Alex Dimitriu, MD

Menlo Park Psychiatry & Sleep Medicine

Exercise improves memory and increases levels of BDNF (brain growth hormone)

Alex Dimitriu, M.D. Menlo Park Psychiatrist|Blog-Excercise|

A study published in Proceedings of the National Academy of Sciences in 2011 showed that we can actively modify the gene for the production of brain-derived neurotrophic factor (BDNF) with simple exercise. The investigators looked at 120 elderly nondemented individuals over a 1-year period who either stretched or did aerobics. They measured 3 variables: serum BDNF levels, memory function, and morphometric analysis of hippocampal size on MRI before and after the intervention period. After 1 year, the group that did the aerobic exercise had an increase in hippocampus size by about 2%, improvement of memory function, and higher levels of serum BDNF. Why makes BDNF levels so important? This protein growth factor is essential to keeping neurons healthy, and to the growth of new ones - most active in areas of the brain vital to executive function, learning and long term memory.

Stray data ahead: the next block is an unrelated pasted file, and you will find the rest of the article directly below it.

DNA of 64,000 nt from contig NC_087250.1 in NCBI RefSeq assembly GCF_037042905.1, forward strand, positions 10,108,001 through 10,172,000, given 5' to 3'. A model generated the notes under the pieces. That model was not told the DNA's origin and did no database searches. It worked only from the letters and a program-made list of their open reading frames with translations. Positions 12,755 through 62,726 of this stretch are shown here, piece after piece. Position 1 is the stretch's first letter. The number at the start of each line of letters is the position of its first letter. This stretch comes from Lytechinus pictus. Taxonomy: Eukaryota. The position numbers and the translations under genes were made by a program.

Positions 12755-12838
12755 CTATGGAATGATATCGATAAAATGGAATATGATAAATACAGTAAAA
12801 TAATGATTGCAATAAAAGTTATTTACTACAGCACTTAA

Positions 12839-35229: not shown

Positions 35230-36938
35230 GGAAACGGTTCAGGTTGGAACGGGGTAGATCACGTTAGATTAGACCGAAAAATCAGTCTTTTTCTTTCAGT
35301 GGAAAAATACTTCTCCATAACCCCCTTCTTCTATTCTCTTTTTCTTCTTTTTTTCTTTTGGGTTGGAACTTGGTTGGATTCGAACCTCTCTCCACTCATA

Per the study "In sum, we found that the hippocampus remains plastic in late adulthood and that 1 y of aerobic exercise was sufficient for enhancing volume. Increased hippocampal volume translates to improved memory function and higher serum BDNF. We also demonstrate that higher fitness levels are protective against loss of hippocampal volume. These results clearly indicate that aerobic exercise is neuroprotective and that starting an exercise regimen later in life is not futile for either enhancing cognition or augmenting brain volume."

Here's the study:


CONDITIONS TREATED: anxiety, depression, attention deficit disorder, insomnia, bipolar disorder, and treatment resistant depression.

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